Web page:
Your understanding of dark matter isn't bad, but here's a few clarifying details.
Orbits: The speed of an object's orbit is related to 2 things: the radius of its orbit and the mass inside of it. In the solar system, over 99% of the mass is concentrated at the centre, so radius is the dominant effect on orbital speed. As we look at planets further away from the sun, their orbital speed decreases. In the galaxy, it's a similar story, but with increasing orbital radius, you're also getting more and more mass inside of your orbit since the galaxy is full of other stars. Even so, we would expect orbital speeds to drop as you look at objects toward the edge of the galaxy, since the stars get more diffuse as you move out and not enough mass is inside the orbit to compensate for the increasing radius. Instead, we see that after a certain point, the orbital speeds stay the same, suggesting that there is more mass there than we can account for with stars and other visible objects.
Here is an example of a so-called rotation curve of the spiral galaxy NGC 3198:
Without dark matter, we would expect the speed of objects as a function of radius (from the center of mass) to follow the curve labeled 'disk'. However, what we see appears to be the sum of the two contributions (the disk and the 'dark matter halo' which surrounds this disk), which is overplotted with actual data.
We also have evidence of this extra mass from gravitational lenses. As light passes by a large object like a galaxy cluster, its path can get bent by that object's gravity. We can see this effect when a galaxy cluster is in front of an even more distant galaxy, the light from the background object gets magnified and distorted. We can calculate the path the light must have taken to appear as we see it, and the mass needed to bend it that way can't be accounted for with just the stars and gas we see in the lensing cluster. This again suggests that there is extra mass that we can't see.
You're not too far off with this one, with one major distinction: Dark energy is the 'force' that's causing the universe to accelerate its expansion. We expect the universe to be expanding from the Big Bang cosmology model, but we'd expect it to be slowing down as the mutual gravity of everything in the universe acted upon each other. Dark energy appears to be a "pressure" on every part of space to expand, but it's very weak and has been dominated by gravity and other factors throughout most of the universe's history. It's only in the past few billion years it's started to take over.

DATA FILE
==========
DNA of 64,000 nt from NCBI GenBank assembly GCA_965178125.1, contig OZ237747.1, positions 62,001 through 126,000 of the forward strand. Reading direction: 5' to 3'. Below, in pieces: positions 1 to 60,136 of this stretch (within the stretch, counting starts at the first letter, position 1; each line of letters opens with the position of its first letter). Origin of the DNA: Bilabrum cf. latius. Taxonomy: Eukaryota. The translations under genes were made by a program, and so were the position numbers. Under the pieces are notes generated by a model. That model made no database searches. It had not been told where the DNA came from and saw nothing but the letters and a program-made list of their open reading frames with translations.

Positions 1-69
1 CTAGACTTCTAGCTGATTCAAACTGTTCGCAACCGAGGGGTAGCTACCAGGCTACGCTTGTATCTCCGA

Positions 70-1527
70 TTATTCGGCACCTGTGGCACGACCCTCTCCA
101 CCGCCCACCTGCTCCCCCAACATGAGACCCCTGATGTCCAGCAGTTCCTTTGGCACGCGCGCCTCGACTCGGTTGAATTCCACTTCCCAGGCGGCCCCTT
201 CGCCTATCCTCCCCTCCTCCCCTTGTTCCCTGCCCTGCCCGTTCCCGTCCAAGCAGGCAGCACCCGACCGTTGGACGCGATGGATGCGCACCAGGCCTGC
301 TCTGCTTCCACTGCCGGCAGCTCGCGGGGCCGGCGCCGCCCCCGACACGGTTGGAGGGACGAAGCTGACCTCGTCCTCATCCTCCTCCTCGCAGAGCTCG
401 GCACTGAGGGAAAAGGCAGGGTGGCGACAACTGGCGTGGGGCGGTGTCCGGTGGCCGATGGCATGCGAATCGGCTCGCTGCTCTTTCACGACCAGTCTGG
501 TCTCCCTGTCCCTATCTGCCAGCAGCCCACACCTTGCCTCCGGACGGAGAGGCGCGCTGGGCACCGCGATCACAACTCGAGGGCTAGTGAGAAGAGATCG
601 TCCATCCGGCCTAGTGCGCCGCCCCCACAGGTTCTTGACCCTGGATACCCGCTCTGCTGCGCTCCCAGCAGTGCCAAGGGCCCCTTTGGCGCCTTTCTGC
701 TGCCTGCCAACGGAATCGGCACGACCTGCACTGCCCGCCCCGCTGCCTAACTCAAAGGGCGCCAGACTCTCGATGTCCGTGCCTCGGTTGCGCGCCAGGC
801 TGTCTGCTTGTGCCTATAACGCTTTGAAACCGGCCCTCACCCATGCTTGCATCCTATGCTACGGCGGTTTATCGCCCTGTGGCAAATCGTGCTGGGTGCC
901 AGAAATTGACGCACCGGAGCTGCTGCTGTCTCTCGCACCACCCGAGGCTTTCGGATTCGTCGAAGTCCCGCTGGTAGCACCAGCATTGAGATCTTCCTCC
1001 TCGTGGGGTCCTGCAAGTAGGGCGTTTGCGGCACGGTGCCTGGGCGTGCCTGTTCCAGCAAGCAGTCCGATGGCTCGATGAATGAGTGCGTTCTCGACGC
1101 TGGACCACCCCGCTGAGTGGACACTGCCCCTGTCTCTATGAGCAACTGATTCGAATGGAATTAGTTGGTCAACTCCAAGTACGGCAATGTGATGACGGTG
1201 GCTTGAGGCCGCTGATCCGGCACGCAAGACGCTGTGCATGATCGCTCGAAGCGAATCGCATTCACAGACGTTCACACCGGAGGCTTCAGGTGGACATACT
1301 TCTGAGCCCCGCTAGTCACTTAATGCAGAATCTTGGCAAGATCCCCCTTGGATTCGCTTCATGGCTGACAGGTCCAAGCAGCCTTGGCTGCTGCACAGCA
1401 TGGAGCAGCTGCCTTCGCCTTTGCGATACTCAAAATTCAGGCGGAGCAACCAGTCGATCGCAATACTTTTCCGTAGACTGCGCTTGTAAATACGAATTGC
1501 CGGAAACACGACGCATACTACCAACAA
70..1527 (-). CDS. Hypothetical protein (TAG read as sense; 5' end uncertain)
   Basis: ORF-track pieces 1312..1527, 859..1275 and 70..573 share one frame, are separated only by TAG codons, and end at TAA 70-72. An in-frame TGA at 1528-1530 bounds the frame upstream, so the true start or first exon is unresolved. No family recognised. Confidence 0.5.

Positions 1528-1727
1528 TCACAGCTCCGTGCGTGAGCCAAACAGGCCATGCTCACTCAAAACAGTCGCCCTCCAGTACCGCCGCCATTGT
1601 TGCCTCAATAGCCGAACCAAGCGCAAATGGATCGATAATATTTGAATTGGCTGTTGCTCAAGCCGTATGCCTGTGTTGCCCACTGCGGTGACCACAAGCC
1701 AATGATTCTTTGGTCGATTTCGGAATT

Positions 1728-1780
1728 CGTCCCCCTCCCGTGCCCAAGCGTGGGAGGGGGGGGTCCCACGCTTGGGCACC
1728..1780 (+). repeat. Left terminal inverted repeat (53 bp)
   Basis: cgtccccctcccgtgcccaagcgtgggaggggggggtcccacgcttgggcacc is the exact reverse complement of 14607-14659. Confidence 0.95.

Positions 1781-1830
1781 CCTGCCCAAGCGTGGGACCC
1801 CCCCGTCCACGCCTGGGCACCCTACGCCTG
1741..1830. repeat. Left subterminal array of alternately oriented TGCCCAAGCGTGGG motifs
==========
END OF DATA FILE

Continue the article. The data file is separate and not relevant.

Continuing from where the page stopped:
It works something like this. Imagine you have a 1-D region of spacetime 1 unit long (just for convenience's sake). Here it is: |--------|
Now this region has this dark energy 'expansion pressure' acting on it. Let's say it's 0.07 units per year per unit. This means that every year, this region of spacetime gets bigger by 7%. In 10 years, the length will be double:
Now the thing is, each of these regions has the same expansion pressure as the original one! So both will double in 10 years, and then those will double, and so on. So what happens is you get a small expansion locally, but the further away something gets the faster it's accelerating away from you. The real effect of dark energy is orders of magnitude smaller, something like 67.15 ± 1.2 (km/s)/Mpc (Wikipedia), but it still means that any galaxies more than 4.5 Gigaparsecs away from us are currently being carried away from us faster than the speed of light. (We can still see them right now because the light we see was emitted long before the expansion rate got that high.) The expansion adds up over the huge distances we see in the universe.
Dark energy doesn't affect things like planets, solar systems, and galaxies because the effect is so weak on small scales that gravity more than counteracts it. It's effect can mostly be seen over the vast empty stretches of space between galaxy clusters.
Hope that helps!